From the Contributor’s Corner: OIG Updates Its Self Disclosure Protocol

In February 1998, when the OIG released its Compliance Program Guidance for Hospitals, it included an explanation of its voluntary Self Disclosure Protocol (SDP).[1]  Its purpose was to encourage providers to report and resolve potential violations of the federal Anti-Kickback Statute (AKS) and resolve civil monetary penalty (CMP) liability that might arise under the AKS, False Claims Act (FCA), or other statutes. Since its inception, over 800 disclosures were resolved under the SDP, amounting to more than $280 million in recoveries for federal health care programs.

On April 17, 2013, the OIG superseded the original SDP with additional guidance and clarification of the process, as well as new requirements for those making self disclosure.[2] This was designed to streamline the internal process for disclosures “to reduce the average time a case is pending with OIG to less than 12 months from acceptance into the SDP.”  The SDP does not include reporting overpayments, errors, or violations solely of the Stark Law that should be addressed through repayment to the provider’s fiscal intermediary rather than through the SDP. Among the significant changes to the SDP are the following:

  1. Those using the SDP will likely avoid having to enter into a corporate integrity agreement with the OIG;
  2. Disclosing parties must acknowledge reported conduct is a potential violation of federal law;
  3. Disclosing parties must complete internal investigations within 90 days of submitting a matter to the OIG, rather than  from the date of acceptance into the protocol;
  4. Elimination of certain reporting requirements;
  5. New  guidance involving false billing, excluded persons, and AKS and Stark violations;
  6. Adoption of lower multipliers, usually 1.5 times single damages, rather than two times;
  7. Updating the minimum settlement amount for non-AKS violations;
  8. Requirement to waive  statute of limitations defense, or any similar defense in a subsequent OIG administrative action; and
  9. Clarification that the OIG will coordinate with the DOJ and the CMS in resolving criminal and civil liability under those agencies’ statutory authorities.

There are a number of other highlights in the new SDP:

  • Those disclosing claims fraud still must conduct a review of claims data using a statistically valid random sample of claims and describe the characteristics used to determine when a claim is an improper claim.
  • The SDP increases sample size requirements from 30 items to a minimum of 100 items (or more than 100 items for diverse claim populations).
  • The sample design, the sampling unit and frame must be defined.
  • Prior to disclosing the employment of an excluded individual, disclosing parties must screen all current employees and contractors against the List of Excluded Individuals/Entities (“LEIE”) and disclose all excluded persons in one submission.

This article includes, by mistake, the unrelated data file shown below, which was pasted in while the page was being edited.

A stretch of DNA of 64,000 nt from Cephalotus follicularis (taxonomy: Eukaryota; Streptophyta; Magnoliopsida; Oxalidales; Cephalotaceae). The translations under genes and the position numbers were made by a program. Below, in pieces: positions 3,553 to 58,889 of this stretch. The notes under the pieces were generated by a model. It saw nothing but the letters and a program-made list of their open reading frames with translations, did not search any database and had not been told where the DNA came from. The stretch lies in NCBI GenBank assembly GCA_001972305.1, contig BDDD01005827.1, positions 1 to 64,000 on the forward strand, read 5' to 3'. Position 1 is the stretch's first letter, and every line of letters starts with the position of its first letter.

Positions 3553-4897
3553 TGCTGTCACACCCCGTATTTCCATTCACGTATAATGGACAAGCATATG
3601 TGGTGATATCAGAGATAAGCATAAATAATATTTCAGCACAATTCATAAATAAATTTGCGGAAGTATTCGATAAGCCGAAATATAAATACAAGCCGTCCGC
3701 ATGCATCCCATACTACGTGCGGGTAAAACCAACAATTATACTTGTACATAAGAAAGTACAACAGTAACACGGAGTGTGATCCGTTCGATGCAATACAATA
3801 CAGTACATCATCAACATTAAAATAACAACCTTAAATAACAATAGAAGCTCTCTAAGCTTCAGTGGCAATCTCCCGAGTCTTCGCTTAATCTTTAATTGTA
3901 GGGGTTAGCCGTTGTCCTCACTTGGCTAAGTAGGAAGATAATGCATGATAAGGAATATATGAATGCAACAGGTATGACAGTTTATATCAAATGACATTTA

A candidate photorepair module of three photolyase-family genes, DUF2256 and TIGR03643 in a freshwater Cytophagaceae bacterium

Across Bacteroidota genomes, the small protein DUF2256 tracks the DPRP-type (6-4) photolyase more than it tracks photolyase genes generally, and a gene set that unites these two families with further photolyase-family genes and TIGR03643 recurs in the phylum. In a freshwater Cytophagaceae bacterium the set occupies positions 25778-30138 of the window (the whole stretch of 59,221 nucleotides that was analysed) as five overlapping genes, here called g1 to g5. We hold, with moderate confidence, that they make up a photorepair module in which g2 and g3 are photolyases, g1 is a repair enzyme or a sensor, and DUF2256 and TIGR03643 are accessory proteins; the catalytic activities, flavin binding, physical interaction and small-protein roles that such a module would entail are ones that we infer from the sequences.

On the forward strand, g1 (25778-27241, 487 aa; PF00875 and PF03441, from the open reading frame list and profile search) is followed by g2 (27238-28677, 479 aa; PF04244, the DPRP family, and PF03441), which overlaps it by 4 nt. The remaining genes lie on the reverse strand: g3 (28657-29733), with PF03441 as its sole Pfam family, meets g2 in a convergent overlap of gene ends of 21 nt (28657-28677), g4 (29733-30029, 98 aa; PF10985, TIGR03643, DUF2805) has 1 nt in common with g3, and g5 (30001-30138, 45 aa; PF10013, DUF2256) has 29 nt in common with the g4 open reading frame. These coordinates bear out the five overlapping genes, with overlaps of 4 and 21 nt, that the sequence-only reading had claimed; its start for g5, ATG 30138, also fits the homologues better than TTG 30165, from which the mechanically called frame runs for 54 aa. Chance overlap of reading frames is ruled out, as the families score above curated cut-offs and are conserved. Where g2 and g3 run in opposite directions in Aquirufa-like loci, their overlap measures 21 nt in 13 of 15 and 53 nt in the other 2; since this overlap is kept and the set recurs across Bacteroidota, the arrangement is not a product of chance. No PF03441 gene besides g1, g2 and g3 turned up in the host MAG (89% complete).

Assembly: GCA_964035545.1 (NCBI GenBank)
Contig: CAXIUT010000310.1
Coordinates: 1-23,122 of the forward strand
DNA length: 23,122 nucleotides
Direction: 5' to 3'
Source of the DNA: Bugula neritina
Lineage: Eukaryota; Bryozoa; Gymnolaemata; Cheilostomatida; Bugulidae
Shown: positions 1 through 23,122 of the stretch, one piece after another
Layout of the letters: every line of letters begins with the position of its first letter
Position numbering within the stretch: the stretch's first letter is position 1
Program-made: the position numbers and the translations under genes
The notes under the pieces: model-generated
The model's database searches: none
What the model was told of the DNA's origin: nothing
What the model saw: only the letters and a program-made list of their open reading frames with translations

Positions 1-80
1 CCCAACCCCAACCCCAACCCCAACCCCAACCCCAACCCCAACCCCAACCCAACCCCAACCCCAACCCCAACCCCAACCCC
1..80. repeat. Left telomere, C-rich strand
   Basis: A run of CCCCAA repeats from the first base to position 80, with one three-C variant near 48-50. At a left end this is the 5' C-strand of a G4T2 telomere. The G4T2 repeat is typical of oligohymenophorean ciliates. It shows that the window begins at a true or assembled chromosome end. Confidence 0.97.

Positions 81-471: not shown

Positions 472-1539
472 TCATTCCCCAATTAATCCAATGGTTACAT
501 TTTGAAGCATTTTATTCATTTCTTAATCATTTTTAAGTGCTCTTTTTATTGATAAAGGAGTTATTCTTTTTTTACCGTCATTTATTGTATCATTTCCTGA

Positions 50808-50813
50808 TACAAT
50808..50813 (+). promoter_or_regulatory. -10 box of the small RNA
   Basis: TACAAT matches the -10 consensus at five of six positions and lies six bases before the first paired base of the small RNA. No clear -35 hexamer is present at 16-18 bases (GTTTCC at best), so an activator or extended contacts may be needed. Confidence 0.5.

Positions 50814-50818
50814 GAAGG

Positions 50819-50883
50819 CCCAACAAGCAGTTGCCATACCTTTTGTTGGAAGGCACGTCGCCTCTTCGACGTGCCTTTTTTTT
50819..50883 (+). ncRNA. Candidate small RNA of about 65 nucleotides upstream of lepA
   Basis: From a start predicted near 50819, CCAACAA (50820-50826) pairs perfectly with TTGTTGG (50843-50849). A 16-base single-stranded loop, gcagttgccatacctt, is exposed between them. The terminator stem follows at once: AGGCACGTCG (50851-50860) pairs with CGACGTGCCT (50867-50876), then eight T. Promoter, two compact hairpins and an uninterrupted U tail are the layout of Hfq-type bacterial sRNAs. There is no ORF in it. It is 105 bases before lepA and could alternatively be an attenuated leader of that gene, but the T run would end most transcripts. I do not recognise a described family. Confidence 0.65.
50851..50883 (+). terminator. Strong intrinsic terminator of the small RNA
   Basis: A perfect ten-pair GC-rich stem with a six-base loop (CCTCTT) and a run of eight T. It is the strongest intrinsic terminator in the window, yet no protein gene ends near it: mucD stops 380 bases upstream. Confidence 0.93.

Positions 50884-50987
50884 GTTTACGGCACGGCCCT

• The disclosing party must provide the total amounts improperly claimed and paid by federal health care programs for those items or services.
  • Disclosures relating to the AKS or both AKS and Stark Laws must acknowledge the arrangement was a potential violation of those laws and report the total remuneration provided under the agreement.

The OIG also clarified the interaction between the SDP and the 60-day overpayment rule (the “60-Day Rule”), which requires Medicare/Medicaid overpayments being reported to be returned by the later of 60 days after the date on which the overpayment was identified or the date any applicable corresponding cost report is due. Previously, providers were not required to return overpayments subject to a self-disclosure. It stated that CMS intends to suspend notice and repayment obligations under the 60-Day Rule when the OIG has acknowledged receipt of a timely submission to the SDP.

Providers interested in submitting a SDP may wish to consider the following:

  1. The SDP provides little tolerance when submitting incomplete or untimely disclosure.
  2. A thorough internal investigation should be made prior to entering the SDP process.
  3. Providers need to meet timeframes for submitting required reports and damage estimates.
  4. Providers must acknowledge, in writing, potential violations of specific federal law(s) and fully describe the relevant conduct.
  5. Disclosures limited solely to potential Stark Law liability should be referred to the CMS Self-Referral Disclosure Protocol (SRDP), not the OIG.
  6. Potential AKS liability, either alone or coupled with Stark Law liability, should be disclosed to the OIG through its SDP.
  7. OIG will use a 1.5 multiplier and provide a presumption against corporate integrity agreements.

[1] The text of the OIG’s hospital compliance program guidance may be found on the OIG website.

[2] See Office of Inspector General, Dep’t of Health & Human Serv., Updated OIG’s Provider Self-Disclosure Protocol (Apr. 17, 2013).

Richard P. Kusserow was the DHHS Inspector General for over eleven years.  He is the author of nine books related to compliance.  He is the founder and CEO of Strategic Management, a firm that has been providing specialized compliance advisory services since 1992 to 2,000 clients. For more information, contact him at

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Copyright © 2013 Strategic Management Services, LLC.  Published with permission.